Health Care

Score5 (5 Votes)

Why vaccinate my cat?

Vote for this content: 5 4 3 2 1

What are vaccines?

Vaccines are medications designed to stimulate the body’s immune system to produce disease-fighting antibodies to help protect against disease.

Why should I vaccinate my cat?

Cats should be vaccinated to help protect them from many highly contagious and infectious diseases. When kittens are born, mothers pass on some immunity to their kittens through colostrum in their milk, but this protection is only temporary and the best way to ensure a long and happy life for your cat is to help provide protection with vaccination against common diseases.

What vaccinations are recommended for my cat?

It is important to talk to your veterinarian about your pet’s lifestyle. Factors such as contact with other animals, indoors versus outdoors, and time spent travelling or boarding all affect your cat’s risk of exposure to disease. Most veterinarians will recommend that your cat be protected against diseases which are the most common, are easily spread and which cause serious illness. Your veterinarian may also recommend additional vaccines based on your cat’s risk factors for other diseases.

How often do I need to vaccinate my cat to help protect from disease?

In most cases, kittens will receive 3 vaccinations, 2-4 weeks apart, starting at 6-8 weeks of age*. An annual booster is recommended. Your vet may have specific recommendations for your cat based on their lifestyle and risk factors. Consult your vet if you have any questions about vaccination.

*WSAVA. Guidelines for the vaccination of dogs and cats, 2016.

Diseases that can be protected against with vaccination
  • Feline Respiratory Disease (Cat Flu)

    • A complex disease
    • Caused by one of two and sometimes both, Feline Calicivirus and Feline Herpes Virus (Rhinotracheitis)
    • Highly common and contagious

    How it’s spread

    • Through direct contact with saliva, discharge from the eyes and nose
    • It’s common in multi-cat households since it is so easily spread from cats coughing, sneezing and grooming each other
    • These viruses lay dormant in recovered cats and kittens for several years (and possibly for life), during which time those cats can spread the virus into the environment and infect other cats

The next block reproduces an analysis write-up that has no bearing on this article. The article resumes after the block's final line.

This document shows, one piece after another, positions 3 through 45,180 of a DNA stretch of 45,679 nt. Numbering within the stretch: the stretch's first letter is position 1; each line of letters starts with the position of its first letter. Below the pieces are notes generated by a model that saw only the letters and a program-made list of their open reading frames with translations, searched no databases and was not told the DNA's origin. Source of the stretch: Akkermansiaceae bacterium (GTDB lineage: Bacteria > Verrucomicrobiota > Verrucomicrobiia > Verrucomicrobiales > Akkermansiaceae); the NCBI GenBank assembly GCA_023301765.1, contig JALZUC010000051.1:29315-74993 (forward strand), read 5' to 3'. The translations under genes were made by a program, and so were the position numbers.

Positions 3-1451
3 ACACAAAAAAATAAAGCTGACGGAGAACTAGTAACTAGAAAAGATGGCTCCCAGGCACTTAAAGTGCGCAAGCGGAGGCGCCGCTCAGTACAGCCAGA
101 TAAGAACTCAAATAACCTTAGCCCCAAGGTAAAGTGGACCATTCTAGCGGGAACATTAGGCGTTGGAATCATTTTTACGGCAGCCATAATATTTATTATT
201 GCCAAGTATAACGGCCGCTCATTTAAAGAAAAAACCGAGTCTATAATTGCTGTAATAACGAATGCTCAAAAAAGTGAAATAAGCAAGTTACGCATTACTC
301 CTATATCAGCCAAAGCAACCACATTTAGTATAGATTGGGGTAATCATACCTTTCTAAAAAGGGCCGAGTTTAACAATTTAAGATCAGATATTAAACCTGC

• Lethargy, sneezing, fever, runny eyes and nose
    • Secondary bacterial infections may also cause complications. In young kittens more susceptible to infection, severe respiratory disease associated with pneumonia may develop and be fatal

  • Feline Parvovirus (Panleucopenia) (Feline Infectious Enteritis)

    • Highly contagious
    • Affects cats of all ages
    • Most severe in cats less than 12 months of age

    How it’s spread

    • By direct contact with infected cats as the disease can be passed on through body secretions, particularly faeces
    • Through an infected cat’s litter tray, bedding, food bowls and grooming
    • From infected queens to their kittens during pregnancy, causing stillbirths or kittens with coordination issues and other abnormalities
    • May be spread through infected cat for up to 6 weeks and persist in the environment for up to 1 year following infection


    • Depression, loss of appetite, vomiting, abdominal pain and frequent bloody diarrhoea
    • Severe dehydration due to persistent diarrhoea and even death can occur, particularly in kittens

  • Feline Leukaemia Virus (FeLV)

    • Less common but very serious
    • Kittens younger than 8 weeks are the most susceptible with the exception of those born to immunised mothers

    How it’s spread

    • By mutual grooming, fighting, sneezing or communal feed bowls/toys
    • From infected queens to their kittens during pregnancy and through their milk
    • Following exposure some cats are able to mount an immune response and eliminate the virus, however some cats can remain persistently infected and release the virus in secretions including saliva, tears, urine and nasal discharge


    • Loss of appetite, weight loss, anaemia, vomiting, diarrhoea, reproductive problems, infections, tumours, depression and lethargy
    • Suppression of the immune system, potentially resulting in secondary disease
    • Death (mostly due to the severe immune suppression and development of secondary diseases) can occur as quickly as 3 months or take as long as 3 years

The best protection & prevention against these infectious diseases in your cat is vaccination

Don’t let your cat get sick from a preventable disease

Discuss any questions you have with your vet

Ask your vet about disease risks in your area

More health care
How to clean your cat's ears

How to clean your cat's ears

Why does your dog or cat have bad breath?

Why does your dog or cat have bad breath?

Intestinal worms in dogs and cats

Intestinal worms in dogs and cats